25 April 2009

NAMASTE': Interviewing Baron Baptiste

Not the perfect headstand, but one of the most difficult I've ever executed. This Sonoma Coast beach had not sand, but zillions of loose black pebbles, making balancing extremely difficult, like trying to do headstand in a field of ball bearings. I could not hold the pose while looking toward the violently crashing surf. Nothing felt stable! After falling several times, I turned my back on the ocean, which all the signs posted on this dangerous beach warn against, but I set up a safe distance from the perilous waters, managed to get upsidedown, and changed my perspective.

Ha! I finally worked one of my favorite word plays--HEADSTANDING-ROOM-ONLY-- into a feature article, the lede of a piece I wrote on the yogi Baron Baptiste, founder of Baptiste Power Vinyasa Yoga. My story runs in the fitness section of
The Denver Post this Monday. I have my yoga roots in Iyengar, but now practice Bikram and Power yoga, so I was honored to interview Baron, as he's know to students.

Please check out the article. Or if you're not local, you can Google
The Denver Post Baron Baptiste by Colleen Smith
and that should bring up the article.

We'll get a link up, too.

I wrote the copy below as a sidebar to my feature. The sidebar got killed--meaning it was not published--but that's the beauty of the blog: The writing was not all for naught. Here it is:

If you think yoga is only for hippie-dippy, tie-dye donning, navel-gazing, om-chanting, vegan sorts, bear in mind that from 1994 to 1998, the Philadelphia Eagles contracted Baron Baptiste to train the team. Baptiste worked with Super Bowl champion players and coaches, but he touts yoga not only for NFL players, but also for athletes in any athletic activity at any level.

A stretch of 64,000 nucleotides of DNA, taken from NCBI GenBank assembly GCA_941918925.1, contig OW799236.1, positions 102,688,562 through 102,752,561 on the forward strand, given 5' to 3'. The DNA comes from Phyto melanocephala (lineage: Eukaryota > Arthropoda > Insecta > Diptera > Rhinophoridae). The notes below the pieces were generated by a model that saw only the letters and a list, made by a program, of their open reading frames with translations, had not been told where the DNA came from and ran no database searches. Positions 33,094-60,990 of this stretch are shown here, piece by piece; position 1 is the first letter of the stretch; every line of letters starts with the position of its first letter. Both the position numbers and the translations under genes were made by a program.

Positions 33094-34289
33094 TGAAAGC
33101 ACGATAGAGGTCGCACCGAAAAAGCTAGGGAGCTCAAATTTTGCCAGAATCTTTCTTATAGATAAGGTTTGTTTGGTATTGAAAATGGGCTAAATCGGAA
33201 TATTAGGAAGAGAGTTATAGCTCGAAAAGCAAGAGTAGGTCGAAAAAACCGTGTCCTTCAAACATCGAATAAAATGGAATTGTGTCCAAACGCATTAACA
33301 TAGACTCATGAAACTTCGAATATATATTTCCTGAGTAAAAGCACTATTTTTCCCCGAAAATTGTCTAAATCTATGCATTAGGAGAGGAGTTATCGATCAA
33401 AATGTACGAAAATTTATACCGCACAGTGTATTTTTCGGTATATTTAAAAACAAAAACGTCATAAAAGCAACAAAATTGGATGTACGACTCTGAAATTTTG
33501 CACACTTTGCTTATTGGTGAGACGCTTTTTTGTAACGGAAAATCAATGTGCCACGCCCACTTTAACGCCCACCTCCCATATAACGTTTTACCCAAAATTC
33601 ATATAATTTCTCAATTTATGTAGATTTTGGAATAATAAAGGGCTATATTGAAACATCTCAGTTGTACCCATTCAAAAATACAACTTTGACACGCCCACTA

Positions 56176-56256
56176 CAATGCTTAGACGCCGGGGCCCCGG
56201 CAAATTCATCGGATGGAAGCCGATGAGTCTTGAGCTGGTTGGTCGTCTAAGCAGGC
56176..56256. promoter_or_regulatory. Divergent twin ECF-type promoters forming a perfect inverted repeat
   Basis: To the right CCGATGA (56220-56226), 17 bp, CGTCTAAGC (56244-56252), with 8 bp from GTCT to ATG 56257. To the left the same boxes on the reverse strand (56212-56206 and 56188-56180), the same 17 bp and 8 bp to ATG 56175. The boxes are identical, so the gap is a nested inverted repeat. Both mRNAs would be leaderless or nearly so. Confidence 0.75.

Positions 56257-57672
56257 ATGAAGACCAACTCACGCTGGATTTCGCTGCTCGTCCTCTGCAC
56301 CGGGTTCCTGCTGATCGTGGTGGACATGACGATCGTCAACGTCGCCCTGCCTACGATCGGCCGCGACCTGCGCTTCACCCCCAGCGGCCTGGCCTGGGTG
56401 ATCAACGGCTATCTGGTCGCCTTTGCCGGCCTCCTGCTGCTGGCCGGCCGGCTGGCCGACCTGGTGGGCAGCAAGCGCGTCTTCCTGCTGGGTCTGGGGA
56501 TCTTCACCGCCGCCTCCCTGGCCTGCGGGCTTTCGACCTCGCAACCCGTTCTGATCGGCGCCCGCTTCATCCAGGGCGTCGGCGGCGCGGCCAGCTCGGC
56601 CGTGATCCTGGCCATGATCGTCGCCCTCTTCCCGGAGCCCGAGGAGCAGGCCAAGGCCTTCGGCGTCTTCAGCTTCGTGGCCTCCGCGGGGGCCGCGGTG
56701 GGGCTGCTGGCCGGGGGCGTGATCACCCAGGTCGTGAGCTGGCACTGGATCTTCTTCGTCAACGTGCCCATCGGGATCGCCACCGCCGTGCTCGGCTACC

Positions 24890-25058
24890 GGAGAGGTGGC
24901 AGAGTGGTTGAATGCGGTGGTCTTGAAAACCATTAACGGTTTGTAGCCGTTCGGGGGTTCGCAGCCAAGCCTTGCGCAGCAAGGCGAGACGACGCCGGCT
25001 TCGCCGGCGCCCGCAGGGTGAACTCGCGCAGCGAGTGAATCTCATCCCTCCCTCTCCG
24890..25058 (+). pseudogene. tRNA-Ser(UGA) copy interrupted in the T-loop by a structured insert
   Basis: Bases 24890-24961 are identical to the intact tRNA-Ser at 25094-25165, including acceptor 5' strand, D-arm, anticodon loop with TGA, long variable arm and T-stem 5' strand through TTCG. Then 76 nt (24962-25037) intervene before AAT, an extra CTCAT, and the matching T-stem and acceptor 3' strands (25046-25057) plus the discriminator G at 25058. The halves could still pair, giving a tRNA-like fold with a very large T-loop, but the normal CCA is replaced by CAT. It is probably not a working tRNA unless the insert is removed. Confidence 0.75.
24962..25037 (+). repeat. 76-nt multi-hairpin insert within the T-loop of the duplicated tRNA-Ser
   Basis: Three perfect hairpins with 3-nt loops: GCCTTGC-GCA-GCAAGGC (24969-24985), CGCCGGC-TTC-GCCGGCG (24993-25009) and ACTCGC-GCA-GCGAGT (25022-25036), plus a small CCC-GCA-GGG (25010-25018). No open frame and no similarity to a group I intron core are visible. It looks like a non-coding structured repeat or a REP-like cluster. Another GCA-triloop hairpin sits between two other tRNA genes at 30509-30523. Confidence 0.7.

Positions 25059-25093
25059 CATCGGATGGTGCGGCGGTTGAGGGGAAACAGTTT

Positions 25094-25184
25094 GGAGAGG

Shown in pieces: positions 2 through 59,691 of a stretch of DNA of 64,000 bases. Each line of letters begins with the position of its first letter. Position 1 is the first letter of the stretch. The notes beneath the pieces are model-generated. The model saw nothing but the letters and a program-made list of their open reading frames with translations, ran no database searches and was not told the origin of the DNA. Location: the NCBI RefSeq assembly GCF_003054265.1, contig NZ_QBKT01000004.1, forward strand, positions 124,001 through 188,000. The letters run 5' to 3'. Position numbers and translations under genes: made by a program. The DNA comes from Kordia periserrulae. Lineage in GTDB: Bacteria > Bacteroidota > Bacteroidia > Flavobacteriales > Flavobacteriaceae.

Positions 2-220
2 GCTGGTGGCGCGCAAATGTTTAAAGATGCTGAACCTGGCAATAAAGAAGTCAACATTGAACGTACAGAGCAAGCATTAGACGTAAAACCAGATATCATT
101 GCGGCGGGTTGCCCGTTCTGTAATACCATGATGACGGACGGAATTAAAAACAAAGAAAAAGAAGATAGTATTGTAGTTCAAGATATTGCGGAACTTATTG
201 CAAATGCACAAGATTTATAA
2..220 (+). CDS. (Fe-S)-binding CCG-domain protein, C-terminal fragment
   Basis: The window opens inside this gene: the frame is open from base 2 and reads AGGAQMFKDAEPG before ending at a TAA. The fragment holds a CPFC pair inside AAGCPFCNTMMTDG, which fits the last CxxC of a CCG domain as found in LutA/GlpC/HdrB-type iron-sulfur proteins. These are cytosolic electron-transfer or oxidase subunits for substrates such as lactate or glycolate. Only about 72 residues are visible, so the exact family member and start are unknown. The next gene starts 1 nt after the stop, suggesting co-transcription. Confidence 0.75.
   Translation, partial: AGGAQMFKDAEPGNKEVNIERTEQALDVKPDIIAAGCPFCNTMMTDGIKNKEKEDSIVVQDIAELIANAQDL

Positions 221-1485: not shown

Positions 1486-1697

“Yoga is great cross-training or counter-training,” he said. “It’s a good support for any sport, a platform for all training.”
The benefits of regular asana practice are many, and evident on many levels, according to Baptiste.
“Yoga builds ease in the body, so people are more comfortable in any movement or sport. Yoga builds agility, balance, mobility, freedom of movement, strength. You feel a freedom in this sense of strength,” said Baptiste.
“It’s a great balance of releasing and strengthening muscles and joints, using your own body as weight, working on multiple planes and angles and dimensions.”
And the mental benefits figure into the athletic equation, too. Baptiste said, “The great mind training allows athletes to be relaxed and at ease and performing at their peak.”


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